SATURDAY’S meeting of the Ulster Unionist Council turned out to be a much better one than many people had expected, particularly in terms of turnout and atmosphere.
Media stories of spats and fallouts, along with website rumours of “rebellion on the day from the floor,” did nothing to dampen the spirit of the delegates. Indeed, it is possible that it actually encouraged the higher than anticipated turnout, with the grassroots determined to prove that it wasn’t going to tolerate any more internal wrangling.
The unanimous vote in favour of the resolution to overhaul the party was, as most commentators have noted, a very important decision by the UUC. But only time will tell if it was a genuinely historic decision. Reform of the Ulster Unionist Party has been on their agenda for over 30 years. This was Brian Faulkner’s view of the party in the mid-1970s:
“The Unionist Party had started off as a vehicle for the mobilisation of the entire spectrum of pro-Union opinion and its structures reflected that fact. Within it there was a remarkable range of social and political attitudes. The central party headquarters in Belfast had little control over associations. All of this meant that a relatively small number of dissidents could perpetually harass and embarrass…by calling a series of meetings of the most important bodies of the party to discuss motions of no confidence or criticisms of party policy.”
Yet almost 25 years after Faulkner’s resignation as party leader (having lost a vote at an emergency meeting of the UUC in January 1974), David Trimble had exactly the same difficulties: constantly ambushed and undermined by a minority of internal critics who were exercising the “rights” afforded to them by a constitution which remained geared to the needs of an umbrella organisation rather than a political party.
I have listened to reform motions being debated in the 1970s, 1980s, 1990s and again, last Saturday. Delegates, generally speaking, are always in favour of the principle of reform. But when a rules committee produces the precise details of that reform the vested interests and affiliated organisations flex their muscles, deploy their delegates and either wreck entirely or massively dilute the proposals.
It will be a Saturday morning in September or early October that will prove to be the key moment in this latest phase of the reform process, for that is when the UUC will be reconvened to consider the recommendations of the review panel. How sweeping and draconian will those recommendations prove to be? As one delegate put it: “There must be no cow so sacred that it cannot be slaughtered; no individual so exalted that he cannot be removed; no heirloom so precious that it cannot be taken to the car boot sale or auction house; no institution so deeply embedded that it cannot be uprooted and dumped; and no part of the existing constitution which will be regarded as immune from scrutiny.”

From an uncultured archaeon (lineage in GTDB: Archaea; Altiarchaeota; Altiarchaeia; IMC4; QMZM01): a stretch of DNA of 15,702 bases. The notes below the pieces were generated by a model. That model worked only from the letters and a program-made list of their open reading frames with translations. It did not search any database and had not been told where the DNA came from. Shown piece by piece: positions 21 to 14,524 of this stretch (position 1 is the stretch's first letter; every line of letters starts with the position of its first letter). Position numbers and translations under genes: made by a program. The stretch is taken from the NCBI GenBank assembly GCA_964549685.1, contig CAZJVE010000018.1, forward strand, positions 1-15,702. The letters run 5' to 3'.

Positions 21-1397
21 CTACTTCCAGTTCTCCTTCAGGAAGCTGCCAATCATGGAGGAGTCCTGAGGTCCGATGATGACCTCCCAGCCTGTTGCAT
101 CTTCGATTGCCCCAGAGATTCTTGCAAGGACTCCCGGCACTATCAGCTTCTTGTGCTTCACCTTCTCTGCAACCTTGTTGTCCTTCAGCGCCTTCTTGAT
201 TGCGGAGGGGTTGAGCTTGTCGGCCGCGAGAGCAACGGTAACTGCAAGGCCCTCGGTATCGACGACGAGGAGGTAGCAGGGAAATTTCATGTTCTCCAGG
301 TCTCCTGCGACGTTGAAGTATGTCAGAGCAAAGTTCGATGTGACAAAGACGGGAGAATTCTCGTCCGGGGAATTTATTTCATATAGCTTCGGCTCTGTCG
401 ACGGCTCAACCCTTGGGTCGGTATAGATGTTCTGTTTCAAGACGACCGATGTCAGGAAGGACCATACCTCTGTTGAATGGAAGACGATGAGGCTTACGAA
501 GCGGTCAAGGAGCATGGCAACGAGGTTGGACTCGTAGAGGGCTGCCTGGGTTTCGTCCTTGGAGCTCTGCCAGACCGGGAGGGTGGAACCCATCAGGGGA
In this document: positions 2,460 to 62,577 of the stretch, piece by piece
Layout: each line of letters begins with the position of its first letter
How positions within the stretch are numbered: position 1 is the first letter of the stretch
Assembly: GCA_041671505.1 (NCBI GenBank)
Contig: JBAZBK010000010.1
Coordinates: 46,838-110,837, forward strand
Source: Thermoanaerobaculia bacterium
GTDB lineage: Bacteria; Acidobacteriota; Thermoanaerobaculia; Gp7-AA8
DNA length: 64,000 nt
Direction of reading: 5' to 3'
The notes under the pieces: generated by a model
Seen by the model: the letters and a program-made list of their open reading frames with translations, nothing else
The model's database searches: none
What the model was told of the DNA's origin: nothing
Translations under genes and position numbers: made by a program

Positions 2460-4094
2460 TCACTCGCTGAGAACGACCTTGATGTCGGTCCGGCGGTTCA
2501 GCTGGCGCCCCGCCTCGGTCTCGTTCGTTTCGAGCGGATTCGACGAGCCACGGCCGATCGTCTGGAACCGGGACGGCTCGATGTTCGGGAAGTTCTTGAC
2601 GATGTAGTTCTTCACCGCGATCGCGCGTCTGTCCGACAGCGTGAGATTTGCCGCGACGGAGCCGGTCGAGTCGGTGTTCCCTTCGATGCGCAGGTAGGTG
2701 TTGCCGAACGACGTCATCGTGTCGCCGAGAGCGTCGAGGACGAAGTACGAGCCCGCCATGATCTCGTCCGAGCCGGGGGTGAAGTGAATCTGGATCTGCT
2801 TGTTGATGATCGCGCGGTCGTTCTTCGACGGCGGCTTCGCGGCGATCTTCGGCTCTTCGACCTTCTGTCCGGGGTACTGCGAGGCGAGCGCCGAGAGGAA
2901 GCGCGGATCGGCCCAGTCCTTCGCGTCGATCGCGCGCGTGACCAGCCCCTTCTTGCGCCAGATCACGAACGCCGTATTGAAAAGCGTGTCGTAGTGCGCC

My sense of the meeting, and it is only my sense, is that delegates really do want to settle the reform issue finally, quickly and ruthlessly. The very worst thing that could happen to Northern Ireland, to the Union and unionism generally would be for the DUP to consolidate and build upon its position as the majority voice of unionism. The DUP lacks political vision, moral courage and any real sense of leading from the front. It has always followed in the footsteps of the UUP.
And those wishy-washy, boneless, pallid, fence-sitting, all-things-to-all-people ninnies of the Alliance Party aren’t much better. They may claim to be nominally pro-Union, but it is a claim which carries the same sort of credibility and conviction as my claim to be an unassuming soul who wouldn’t say boo to a passing leader of the UUP. Yet if the UUP doesn’t get its act together within the next few months then it is those two parties who will be the main beneficiaries, while Northern Ireland and the Union will be the main losers.
Sir Reg Empey’s speech to the delegates reflected the two major problems facing his party; the urgency and necessity of reform and the refashioning of the party into a vehicle which, in terms of policies, candidates and impact, mirrors the real face of the Northern Ireland which has been created by the Belfast Agreement (which, despite claims from the DUP, hasn’t gone away, you know).
His hope, today, must be that the review process is both speedy and suitably draconian. I have some personal reservations about the make-up of the review panel and I think, in the initial stages at
least, it would be preferable if neither he nor any officer was involved. He must hope, too, that the rift which seems to exist between him and a few key players can be repaired fairly quickly. There may well be a battle royal further down the line when some parts of the party discover that a century of autonomy is about to be removed from them, and it is at that stage when the leader is going to need all the friends he can get.
I don’t minimise the problems which still face the UUP and I won’t overstate the apparent success of Saturday’s meeting. But I did detect a sense of urgency and reality that I haven’t often noted before. This is a party that has, at long last, faced up to the fact that it is facing a battle for its very survival. If the mood of the meeting and the endorsement of the resolution is anything to go by, then this is also a party which is determined to win that battle.
Mick is founding editor of Slugger. He has written papers on the impacts of the Internet on politics and the wider media and is a regular guest and speaking events across Ireland, the UK and Europe. Twitter: @MickFealty